BEIRUT: Many people recognize his places before his name – Uncle Sam’s, the Blue Note Café, Le Rouge, Bagatelle – but restaurateur Nabil Majdalani has long been a force in Lebanon’s hospitality industry, achieving success with a simple formula: quality and a personal touch.
While many an investor has dabbled in Beirut’s restaurant scene, few can claim the status of restaurateur, a badge of survival and – when played right – success. Majdalani, who recently opened the Mediterranean-style bistro Bagatelle in Ras Beirut, is one of the few.
“I’ve been in the business for ages, and I really mean ages,” says Majdalani, seated in the restored stone home now housing Bagatelle, his passion project. “I’m from the breed of old restaurateurs. I have gray hair and I’ve seen a lot.”
Falling into the business by chance as a 21-year-old, Majdalani made the rounds working in Beirut’s finest hotels – Saint Georges, Palm Beach, the Excelsior – and has since witnessed the evolution of Beirut’s tourism sector from the high-flying ’60s to the Civil War and through to the capital’s oft-proclaimed renewal.
“The golden era of Beirut – I lived it for a couple of years and then the war started,” he reminisces.
After the outbreak of the Civil War, Majdalani moved to Cannes where he sunk his teeth into his first project, a Lebanese restaurant. He returned to Lebanon in 1980, opening the pub Uncle Sam’s just across from the AUB Main Gate.
“That was a great place. It was crazy and fantastic – maybe because of the war, because everybody was crazy and wanted the extravaganza,” he recalls.
Closing Uncle Sam’s in 1986, Majdalani moved on that same year with a group to open the Blue Note Café – a Beirut jazz institution now in its 25th year. Exiting that venture, he spent a brief period consulting and returned to the restaurant business with Le Rouge in 2004.
Located in a small, cozy space in Gemmayzeh, the casual French bistro proved popular and marked the beginning of the neighborhood’s restaurant and nightlife boom. Majdalani and his partners were spurred by the success to open a second location in Hamra in 2007, proving yet again to be a well-timed move as Hamra became a popular destination.
After selling his share of Le Rouge in 2010, Majdalani pursued a project he’d had in mind since stumbling upon a beautiful, crumbling home in Ras Beirut in 2006, perfect for a charming, upscale bistro – now Bagatelle.
“[The house] was in a terrible state and I tried to find the landlord but couldn’t. Six years later the real estate guy calls me and says, ‘You know this old house that you wanted? Still want it?’ I said, ‘Yes, of course I still want it.’ He had found the owners – they were in Ashrafieh. I had been told they were in Paris but they were right here!” Majdalani says, with a nod to the serendipity that guides his business as much as the hard work itself.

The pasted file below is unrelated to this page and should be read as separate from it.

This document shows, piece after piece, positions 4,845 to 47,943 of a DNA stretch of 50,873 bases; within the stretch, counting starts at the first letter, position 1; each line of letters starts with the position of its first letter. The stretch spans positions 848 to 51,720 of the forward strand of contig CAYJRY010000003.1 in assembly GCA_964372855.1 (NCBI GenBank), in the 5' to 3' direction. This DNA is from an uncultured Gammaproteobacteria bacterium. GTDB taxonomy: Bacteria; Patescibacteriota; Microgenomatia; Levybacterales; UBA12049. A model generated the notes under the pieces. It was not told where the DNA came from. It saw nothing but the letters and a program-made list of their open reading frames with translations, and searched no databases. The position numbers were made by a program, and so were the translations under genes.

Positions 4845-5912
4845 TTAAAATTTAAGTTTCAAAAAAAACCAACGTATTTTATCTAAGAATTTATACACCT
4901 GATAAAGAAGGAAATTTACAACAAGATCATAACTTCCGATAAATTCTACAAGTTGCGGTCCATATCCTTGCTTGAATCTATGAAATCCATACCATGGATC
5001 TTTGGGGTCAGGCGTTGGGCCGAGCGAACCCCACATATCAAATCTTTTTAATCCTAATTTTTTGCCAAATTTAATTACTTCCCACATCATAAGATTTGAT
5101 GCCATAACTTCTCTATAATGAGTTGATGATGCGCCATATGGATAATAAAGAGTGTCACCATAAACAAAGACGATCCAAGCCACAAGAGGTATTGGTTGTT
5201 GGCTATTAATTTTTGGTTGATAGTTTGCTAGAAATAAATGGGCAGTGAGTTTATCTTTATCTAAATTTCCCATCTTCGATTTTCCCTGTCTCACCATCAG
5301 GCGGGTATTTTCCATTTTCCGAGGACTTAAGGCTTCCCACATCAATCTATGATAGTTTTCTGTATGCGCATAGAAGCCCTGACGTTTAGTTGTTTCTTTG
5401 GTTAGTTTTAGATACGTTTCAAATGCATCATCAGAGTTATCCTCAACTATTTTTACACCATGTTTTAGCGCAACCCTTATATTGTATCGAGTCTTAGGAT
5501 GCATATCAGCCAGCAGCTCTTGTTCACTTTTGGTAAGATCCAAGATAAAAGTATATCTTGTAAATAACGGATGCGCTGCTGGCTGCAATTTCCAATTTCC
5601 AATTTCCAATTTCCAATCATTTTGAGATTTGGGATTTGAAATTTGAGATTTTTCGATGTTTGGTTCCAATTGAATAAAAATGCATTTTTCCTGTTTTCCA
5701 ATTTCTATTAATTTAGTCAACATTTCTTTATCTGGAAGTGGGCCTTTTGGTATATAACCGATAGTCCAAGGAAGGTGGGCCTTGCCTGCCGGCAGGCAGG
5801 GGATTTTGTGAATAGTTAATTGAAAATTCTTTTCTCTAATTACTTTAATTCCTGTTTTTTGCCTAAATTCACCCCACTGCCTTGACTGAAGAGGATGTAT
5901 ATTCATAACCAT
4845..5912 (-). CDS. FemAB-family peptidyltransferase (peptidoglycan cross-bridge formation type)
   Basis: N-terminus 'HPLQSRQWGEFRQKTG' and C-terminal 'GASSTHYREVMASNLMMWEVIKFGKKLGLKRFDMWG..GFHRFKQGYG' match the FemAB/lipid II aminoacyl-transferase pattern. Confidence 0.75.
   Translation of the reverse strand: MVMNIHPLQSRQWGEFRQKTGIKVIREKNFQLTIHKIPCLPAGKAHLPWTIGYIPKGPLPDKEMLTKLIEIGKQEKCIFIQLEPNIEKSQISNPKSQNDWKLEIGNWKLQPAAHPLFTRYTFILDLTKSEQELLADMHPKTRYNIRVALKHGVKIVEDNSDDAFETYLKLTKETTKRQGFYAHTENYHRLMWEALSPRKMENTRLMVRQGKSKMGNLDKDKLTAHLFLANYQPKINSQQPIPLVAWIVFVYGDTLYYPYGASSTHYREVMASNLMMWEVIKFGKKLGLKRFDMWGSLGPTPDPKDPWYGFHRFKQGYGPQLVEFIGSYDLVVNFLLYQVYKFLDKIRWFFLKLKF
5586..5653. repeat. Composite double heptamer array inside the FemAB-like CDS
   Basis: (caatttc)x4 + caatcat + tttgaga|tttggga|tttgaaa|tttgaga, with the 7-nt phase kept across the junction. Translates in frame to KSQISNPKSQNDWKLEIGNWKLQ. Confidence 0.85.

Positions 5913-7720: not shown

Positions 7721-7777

In French, bagatelle means “a short literary or musical piece light in style” – a fitting name given the eatery’s relaxed atmosphere and lack of pretensions.
Already benefiting from the buzz of satisfied diners, Bagatelle’s tables are booked most nights, serving up a range of fresh entree salads, filets, risotto and pasta with Mediterranean flair and organic ingredients. Among the most popular items so far, are the selection of “Les Cocottes,” tapas-like dishes including calamars plancha, crevettes provençales and chorizo.
With every element meticulously designed by Majdalani himself, guests can enjoy sitting in the large terrace or at the simple color-coordinated tables inside with a view of the partially, exposed old stones under archways of the house, which was built in 1927.
Majdalani acknowledges frankly, that he’s not always the easiest person to work with due to his unyielding vision. But he believes that this personal dedication has contributed to his success and the staying power of his projects in a city with a high turnover in nightlife and dining.
“The main problem is that the Lebanese investors, in general, are not looking for a long-term thing. They want to make a fast buck,” he explains.
“When I’ve left places, I’ve seen ex-partners try to squeeze out a little more money by cutting on the quality side. Once the quality goes down, it’s not the same anymore and people notice. If you want to do something, you have to start with quality,” he wholeheartedly maintains.
Ultimately, if investors are only interested in the money or turn over the operation to managers that come and go, the place does not succeed for long.
“I believe that when you do a place you have to put a bit of yourself in it, of your soul or I don’t know what – you’ve got to give, so that it gives back,” he says. “It’s like having a home and bringing a designer to pick your furniture. It’s not your taste, it’s someone else’s taste in your home. No matter how beautiful it might be, it’s not you. I put myself in the restaurant.”